Are you a trader looking for a fast-paced, lucrative derivative trading strategy? Futures trading is an effective way of speculating on the price movements in various markets without purchasing or owning any underlying assets. With futures trading, traders can harness the financial leverage provided by contracts that can be held securely and transferred quickly at a minimal cost.
In this comprehensive guide to derivatives and futures trading, we’ll explore how to use futures contracts as part of your trading plans and strategies with examples of actual trades. We will also discuss potential risks associated with futures contract play and binding terms every trader should understand before considering this form of trading.
What is Derivative Trading, and why is it essential for investors to understand
Derivative trading is a complex financial instrument that allows investors to speculate on the volatility and underlying value of assets such as stocks, currencies, and commodities. It involves buying or selling contracts derived from an underlying asset’s value.
Understanding how derivative trading works is crucial for investors, as it can help them manage risk, hedge against potential losses, and potentially earn some returns. However, it is essential to note that derivative trading can also be high-risk, and investors must be educated to avoid significant financial losses. Overall, derivative trading is a critical aspect of the modern financial environment, and understanding investors need to thrive in today’s dynamic world of finance.
Key Terms and Concepts Related to Futures Trading
Futures trading is a type of derivative that involves the exchange of contracts for the delivery or sale of a specific asset on a future date. Futures can be used as an effective tool in hedging against price risk, and they are often used to speculate on potential price movements.
When it comes to understanding futures trading, there are several key concepts and terms you should familiarise yourself with before placing any trades. These include but are not limited to margin requirements, leverage, liquidity, expiration dates, open interest, and basis points. Knowing these key terms will help you better understand how futures trading works and make informed decisions when evaluating potential trades.
Different Types of Derivatives and Their Role in Risk Management
Derivatives are classified into two broad categories: exchange-traded and over-the-counter (OTC) derivatives. Exchange-traded derivatives are standardised contracts bought or sold on an organised exchange. The most common type of this is the futures contract, which we’ll discuss in more detail later.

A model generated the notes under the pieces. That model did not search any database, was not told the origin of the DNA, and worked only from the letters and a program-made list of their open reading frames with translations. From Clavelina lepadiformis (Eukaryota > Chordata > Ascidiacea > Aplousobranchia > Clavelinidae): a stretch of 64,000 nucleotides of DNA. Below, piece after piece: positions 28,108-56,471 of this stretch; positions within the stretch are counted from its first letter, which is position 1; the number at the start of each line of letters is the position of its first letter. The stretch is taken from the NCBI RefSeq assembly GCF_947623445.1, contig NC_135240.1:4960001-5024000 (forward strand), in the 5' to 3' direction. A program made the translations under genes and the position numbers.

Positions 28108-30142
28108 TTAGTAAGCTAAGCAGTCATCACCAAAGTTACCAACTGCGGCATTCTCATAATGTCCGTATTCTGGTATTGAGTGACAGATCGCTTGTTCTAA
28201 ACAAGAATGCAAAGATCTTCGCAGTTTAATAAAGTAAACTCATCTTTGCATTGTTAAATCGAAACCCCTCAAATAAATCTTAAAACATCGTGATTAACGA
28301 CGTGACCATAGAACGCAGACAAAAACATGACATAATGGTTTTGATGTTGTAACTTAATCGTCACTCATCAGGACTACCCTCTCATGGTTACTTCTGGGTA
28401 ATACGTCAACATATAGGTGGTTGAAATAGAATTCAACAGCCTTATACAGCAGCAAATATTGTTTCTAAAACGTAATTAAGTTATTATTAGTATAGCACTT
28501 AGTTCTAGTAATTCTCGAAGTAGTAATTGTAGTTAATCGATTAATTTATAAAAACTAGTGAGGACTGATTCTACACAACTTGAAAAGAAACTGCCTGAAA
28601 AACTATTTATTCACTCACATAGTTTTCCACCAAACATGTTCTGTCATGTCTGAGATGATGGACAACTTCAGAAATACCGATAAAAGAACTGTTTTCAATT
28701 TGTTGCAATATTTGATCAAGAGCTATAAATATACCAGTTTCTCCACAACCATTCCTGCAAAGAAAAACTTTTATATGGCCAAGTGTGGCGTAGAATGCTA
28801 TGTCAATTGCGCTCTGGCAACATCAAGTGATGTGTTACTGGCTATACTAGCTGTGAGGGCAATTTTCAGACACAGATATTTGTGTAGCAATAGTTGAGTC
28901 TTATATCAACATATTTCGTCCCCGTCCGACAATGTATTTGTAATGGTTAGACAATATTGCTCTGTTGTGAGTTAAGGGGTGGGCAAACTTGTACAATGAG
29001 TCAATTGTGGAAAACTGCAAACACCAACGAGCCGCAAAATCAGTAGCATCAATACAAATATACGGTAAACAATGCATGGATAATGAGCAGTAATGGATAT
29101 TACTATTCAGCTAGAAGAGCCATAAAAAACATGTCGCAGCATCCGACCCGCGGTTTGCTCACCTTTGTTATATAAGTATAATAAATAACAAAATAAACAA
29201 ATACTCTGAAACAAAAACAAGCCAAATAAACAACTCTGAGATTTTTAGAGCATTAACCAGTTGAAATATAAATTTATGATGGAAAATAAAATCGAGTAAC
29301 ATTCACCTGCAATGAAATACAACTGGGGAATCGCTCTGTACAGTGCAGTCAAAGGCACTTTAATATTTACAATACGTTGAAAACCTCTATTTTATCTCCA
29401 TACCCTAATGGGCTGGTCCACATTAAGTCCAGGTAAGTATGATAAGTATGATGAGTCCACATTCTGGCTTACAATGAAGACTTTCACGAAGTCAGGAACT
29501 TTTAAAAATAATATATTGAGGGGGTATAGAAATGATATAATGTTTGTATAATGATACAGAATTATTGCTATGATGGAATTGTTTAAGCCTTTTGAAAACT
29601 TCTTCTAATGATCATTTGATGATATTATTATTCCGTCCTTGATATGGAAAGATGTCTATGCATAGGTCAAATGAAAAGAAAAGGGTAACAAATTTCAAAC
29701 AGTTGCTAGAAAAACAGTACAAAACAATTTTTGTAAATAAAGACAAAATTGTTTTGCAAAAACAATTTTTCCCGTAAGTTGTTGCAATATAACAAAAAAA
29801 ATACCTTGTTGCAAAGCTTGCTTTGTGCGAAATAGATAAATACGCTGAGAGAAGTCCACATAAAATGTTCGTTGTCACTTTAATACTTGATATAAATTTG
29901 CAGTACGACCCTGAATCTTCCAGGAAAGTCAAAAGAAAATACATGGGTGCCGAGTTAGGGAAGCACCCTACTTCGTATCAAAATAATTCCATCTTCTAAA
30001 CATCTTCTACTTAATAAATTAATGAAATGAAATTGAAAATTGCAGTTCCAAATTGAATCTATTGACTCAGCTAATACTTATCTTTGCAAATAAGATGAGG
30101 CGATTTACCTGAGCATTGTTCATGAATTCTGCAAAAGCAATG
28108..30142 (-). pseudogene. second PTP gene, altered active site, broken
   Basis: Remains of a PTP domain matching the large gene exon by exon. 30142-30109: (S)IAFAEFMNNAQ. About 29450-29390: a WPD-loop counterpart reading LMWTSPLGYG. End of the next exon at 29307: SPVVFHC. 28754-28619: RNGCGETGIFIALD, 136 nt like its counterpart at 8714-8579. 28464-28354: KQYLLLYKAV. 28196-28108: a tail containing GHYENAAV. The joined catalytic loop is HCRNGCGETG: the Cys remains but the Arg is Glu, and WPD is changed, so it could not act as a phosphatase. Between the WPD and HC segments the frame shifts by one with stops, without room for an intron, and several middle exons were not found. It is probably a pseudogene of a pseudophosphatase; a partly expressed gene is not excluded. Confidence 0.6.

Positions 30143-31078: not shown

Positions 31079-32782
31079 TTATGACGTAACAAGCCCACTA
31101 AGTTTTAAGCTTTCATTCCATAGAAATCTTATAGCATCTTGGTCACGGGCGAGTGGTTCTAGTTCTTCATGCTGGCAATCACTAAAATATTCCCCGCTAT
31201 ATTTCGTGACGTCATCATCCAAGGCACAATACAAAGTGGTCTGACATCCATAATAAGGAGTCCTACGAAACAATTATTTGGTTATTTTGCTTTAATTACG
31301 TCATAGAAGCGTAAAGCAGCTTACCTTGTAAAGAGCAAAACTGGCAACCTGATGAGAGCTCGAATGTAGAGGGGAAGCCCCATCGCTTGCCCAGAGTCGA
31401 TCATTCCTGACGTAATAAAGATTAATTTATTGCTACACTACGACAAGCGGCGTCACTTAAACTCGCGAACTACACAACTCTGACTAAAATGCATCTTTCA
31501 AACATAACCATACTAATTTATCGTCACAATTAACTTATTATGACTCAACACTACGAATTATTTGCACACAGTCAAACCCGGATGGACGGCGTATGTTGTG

Over-the-counter derivatives, on the other hand, are customised contracts between two parties that do not trade publicly on exchanges. These can include options, swaps, forward contracts, and credit default swaps.
Regardless of which type of derivative you use, they both serve a significant role in risk management for investors. By using derivatives to hedge against potential losses due to market volatility or currency fluctuations, investors can transfer the risk associated with certain investments to another party while still having exposure to potential returns. It can be a great way to optimise and diversify your portfolio without taking too much risk.
Strategies to Consider When Making a Derivatives Trade
Now that you have a better understanding of derivatives and their role in risk management, we can move on to different strategies you can use when trading futures. One of the most popular strategies traders use is “spread trading”. Spread trading involves simultaneously buying one contract at a higher price and selling another at a lower price. This strategy allows investors to benefit from market movements without taking on large amounts of risk.
Another popular strategy is “momentum investing”, which takes advantage of short-term trends in the market by entering and exiting trades in rapid succession to capture potential profit opportunities. This form of trading requires careful timing and quick decisions as it carries high volatility risk.
Finally, “contrarian investing” is a strategy that takes the opposite approach of momentum investing by buying underperforming assets while selling those outperforming to benefit from market corrections. This type of trading can be highly lucrative but carries high-risk levels and requires investors to thoroughly know the markets.
How to Calculate the Potential Return or Loss of a Future Trade
When trading futures, it is vital to understand how to calculate each trade’s potential profit or loss. The most common method to calculate potential return or loss for futures trading involves multiplying the number of contracts by the difference between the entry and exit price and subtracting any applicable fees, such as commissions.
For example, if a trader enters into a long position with five contracts at an entry price of $100 per contract and exits at an exit price of $105, their total profit would be calculated as: (5 x ($105 – $100)) – Fees = Profit.
It is also important to note that due to margin requirements, traders must ensure they have enough funds in their account before entering into a trade to cover any potential losses. By understanding how to calculate each trade’s potential profit or loss, investors can make more informed decisions when evaluating potential trades and ensure they are correctly managing their risk.